Placing a Value on Public Library Services|
Glen E. Holt, Donald Elliott, and Amonia Moore
GOALS FOR THE STUDY
The goal of this research has been to develop and test a practical, conservative, transportable methodology that large urban public libraries can use to estimate and communicate the direct return on annual taxpayer investment in their organizations. To meet this goal, the economic methodology must be conceptually and empirically sound, as well as cost-effective to administer, pragmatic in its objectives, and simple to interpret and communicate.
By the spring of 1998, the research team had met this goal for the St. Louis Public Library. With no hesitation, it is now possible for SLPL spokespersons to tell board members, city officials, civic leaders - and even economists - that the library's users are receiving back more than $4 in direct benefits for every $1 of tax revenues that the public is contributing annually to the institution. Moreover, this result is based on conceptually and empirically sound methodology, and it meets the other goal criteria as well.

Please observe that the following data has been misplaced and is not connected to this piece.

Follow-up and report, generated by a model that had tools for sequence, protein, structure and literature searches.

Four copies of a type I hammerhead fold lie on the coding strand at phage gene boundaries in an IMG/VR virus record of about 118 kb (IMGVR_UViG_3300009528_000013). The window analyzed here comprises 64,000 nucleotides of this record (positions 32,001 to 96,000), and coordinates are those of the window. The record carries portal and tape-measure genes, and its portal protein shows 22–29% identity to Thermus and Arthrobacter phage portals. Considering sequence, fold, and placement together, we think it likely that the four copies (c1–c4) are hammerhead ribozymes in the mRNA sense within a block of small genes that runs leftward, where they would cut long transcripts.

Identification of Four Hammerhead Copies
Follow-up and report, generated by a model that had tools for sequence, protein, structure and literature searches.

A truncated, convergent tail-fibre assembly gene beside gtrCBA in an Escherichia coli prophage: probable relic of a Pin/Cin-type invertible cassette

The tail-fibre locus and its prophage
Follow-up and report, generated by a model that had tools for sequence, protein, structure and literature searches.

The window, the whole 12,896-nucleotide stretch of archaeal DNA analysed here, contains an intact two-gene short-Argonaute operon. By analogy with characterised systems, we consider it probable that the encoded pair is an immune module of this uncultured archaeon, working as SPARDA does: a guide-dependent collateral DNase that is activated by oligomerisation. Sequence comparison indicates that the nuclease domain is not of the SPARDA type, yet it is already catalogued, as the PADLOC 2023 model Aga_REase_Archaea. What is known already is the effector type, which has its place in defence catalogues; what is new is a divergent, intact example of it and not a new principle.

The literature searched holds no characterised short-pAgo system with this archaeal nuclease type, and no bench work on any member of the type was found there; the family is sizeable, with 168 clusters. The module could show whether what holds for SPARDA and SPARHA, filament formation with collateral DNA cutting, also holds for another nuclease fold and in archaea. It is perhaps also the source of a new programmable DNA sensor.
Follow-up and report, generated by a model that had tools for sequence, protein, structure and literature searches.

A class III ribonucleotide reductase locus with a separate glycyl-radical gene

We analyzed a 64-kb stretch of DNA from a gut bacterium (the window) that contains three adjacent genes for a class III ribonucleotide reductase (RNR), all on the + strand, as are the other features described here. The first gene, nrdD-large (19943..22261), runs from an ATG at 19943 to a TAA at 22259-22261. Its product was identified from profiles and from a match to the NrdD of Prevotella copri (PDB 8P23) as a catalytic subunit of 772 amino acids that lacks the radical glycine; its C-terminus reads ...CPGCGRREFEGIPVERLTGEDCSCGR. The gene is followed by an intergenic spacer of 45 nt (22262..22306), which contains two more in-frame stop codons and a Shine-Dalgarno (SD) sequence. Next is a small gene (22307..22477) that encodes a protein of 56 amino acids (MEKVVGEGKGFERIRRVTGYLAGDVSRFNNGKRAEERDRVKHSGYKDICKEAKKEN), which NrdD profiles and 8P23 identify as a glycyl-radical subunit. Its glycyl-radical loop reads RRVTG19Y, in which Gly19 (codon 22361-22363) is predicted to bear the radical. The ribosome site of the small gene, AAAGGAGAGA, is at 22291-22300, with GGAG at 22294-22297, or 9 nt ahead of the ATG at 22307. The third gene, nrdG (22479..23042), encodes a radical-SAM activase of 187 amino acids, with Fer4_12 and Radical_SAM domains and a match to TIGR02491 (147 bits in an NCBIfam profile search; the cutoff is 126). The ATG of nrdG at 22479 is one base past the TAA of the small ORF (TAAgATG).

One significant element of this goal still has to be reached, however. The methodology that produced this $4-to$1 benefits-to-tax ratio worked for the SLPL system. To be transportable, the methodology has to be tested in other library districts with different demographics and operating environments. The method for making the methodology transportable is outlined in the last section of this paper.